Overpaying is frustrating!

This isn’t necessarily about campground crowding, but Kathryn A. brings up a valid frustration. She writes, “I have an 8-foot mini camper that just needs to be plugged into a regular plug to use a power strip inside. I can’t tell you how it feels to have to pay the same full price as the big RVs using sewer, water, and way more electricity in one night than I would use in a week.”

Even rustic sites are hard to reserve

Karen A. finds that making reservations for groups is a lot harder. “I call as soon as the window for reserving sites starts only to find most sites reserved, so if trying to plan multiple (four or five) sites for family and friends they are not available. Single sites or two sites can maybe be found but not more. We use rustic sites, no power/water/sewer, and still find it hard to reserve enough sites.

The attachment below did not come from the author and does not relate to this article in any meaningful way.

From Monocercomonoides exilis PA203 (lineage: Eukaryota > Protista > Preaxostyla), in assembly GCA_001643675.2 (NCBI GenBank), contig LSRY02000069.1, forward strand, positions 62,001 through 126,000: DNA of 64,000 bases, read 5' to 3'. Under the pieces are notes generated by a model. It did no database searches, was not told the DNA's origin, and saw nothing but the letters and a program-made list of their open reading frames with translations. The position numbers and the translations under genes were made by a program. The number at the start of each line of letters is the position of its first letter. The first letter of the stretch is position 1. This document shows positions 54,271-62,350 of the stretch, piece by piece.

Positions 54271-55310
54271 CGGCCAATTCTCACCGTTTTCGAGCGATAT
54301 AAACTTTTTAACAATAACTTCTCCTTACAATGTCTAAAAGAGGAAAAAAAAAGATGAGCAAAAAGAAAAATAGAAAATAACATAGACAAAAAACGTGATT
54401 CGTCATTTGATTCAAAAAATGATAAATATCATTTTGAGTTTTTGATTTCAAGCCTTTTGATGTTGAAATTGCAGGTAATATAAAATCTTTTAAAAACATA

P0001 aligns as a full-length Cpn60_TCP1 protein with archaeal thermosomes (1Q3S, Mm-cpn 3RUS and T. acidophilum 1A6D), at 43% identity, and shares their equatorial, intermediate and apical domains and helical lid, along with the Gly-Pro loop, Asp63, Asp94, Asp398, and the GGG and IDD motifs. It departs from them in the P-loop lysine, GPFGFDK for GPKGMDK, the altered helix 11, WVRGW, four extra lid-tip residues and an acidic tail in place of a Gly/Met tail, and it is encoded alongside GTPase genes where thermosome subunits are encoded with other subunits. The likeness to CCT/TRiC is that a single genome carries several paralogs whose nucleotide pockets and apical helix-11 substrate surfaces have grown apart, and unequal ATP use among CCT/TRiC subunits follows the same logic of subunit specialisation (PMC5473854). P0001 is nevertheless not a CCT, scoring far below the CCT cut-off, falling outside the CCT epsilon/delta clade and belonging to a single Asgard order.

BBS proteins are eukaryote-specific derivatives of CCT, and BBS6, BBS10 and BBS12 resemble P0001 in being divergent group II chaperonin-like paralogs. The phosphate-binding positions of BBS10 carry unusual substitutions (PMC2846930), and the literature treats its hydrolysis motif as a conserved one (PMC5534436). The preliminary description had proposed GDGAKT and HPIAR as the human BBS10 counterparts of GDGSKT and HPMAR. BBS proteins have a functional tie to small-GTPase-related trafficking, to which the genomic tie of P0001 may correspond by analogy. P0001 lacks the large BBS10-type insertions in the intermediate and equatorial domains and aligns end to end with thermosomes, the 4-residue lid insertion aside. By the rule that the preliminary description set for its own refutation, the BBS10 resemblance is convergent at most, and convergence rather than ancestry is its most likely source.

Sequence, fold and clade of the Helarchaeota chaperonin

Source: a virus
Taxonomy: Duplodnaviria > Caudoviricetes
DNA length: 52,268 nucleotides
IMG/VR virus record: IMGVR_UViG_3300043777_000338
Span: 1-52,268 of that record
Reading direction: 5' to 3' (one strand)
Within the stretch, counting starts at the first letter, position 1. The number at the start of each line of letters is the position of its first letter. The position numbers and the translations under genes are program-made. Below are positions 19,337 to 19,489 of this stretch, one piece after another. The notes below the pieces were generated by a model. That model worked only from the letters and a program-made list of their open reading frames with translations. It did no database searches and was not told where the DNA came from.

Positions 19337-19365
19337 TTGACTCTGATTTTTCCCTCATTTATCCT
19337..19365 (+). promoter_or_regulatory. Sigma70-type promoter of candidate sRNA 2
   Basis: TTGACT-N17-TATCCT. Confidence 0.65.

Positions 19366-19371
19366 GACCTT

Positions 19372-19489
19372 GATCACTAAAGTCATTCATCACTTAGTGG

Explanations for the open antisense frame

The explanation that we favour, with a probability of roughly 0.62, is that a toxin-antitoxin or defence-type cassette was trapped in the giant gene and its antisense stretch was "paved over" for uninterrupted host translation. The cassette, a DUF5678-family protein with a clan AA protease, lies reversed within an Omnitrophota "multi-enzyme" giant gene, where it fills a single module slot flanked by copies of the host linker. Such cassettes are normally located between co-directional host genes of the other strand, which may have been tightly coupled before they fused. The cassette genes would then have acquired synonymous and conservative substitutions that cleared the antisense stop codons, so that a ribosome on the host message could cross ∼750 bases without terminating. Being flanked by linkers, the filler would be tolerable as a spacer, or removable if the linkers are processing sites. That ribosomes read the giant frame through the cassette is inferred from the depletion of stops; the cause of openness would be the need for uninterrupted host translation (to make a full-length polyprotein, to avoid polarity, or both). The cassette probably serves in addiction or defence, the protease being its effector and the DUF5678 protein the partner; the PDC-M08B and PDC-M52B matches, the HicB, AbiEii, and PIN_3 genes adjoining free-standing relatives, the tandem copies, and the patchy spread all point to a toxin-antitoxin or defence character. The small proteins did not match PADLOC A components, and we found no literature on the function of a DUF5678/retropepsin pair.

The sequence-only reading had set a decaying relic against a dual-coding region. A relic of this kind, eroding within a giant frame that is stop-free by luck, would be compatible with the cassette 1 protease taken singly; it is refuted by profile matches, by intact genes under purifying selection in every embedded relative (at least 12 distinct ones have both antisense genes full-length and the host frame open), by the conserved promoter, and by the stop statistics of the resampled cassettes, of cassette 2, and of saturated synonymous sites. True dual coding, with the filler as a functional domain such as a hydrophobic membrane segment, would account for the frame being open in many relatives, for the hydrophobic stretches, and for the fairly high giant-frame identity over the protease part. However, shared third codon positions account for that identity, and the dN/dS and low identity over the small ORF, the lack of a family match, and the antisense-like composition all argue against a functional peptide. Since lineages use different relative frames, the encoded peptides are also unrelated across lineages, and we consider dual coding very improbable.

“There are more and more people that do not respect campground rules and feel entitled and are rude. Camping for over 50 years and sad to say it’s gone downhill.”

Don’t miss yesterday’s article: Millions of acres of public lands could be used as campgrounds. The federal government won’t take initiative, but you can. Click here.

Full payment in advance

Ellen L. writes us about those who book “just in case.” She says, “Full payment in advance: this is happening because people have a fear of not getting a site so they panic and book several different places ‘just in case.’ With a small deposit, they have no problem just being a no-show. This is a very popular practice in State parks that allow booking a year or six months in advance. They book the week before in order to be first for the next.

“I’m in many camping groups that host events that encourage members on all of the above selfish habits. But anyway… you can’t blame parks for demanding full payment at reservation when these practices are losing them money.”

Require confirmation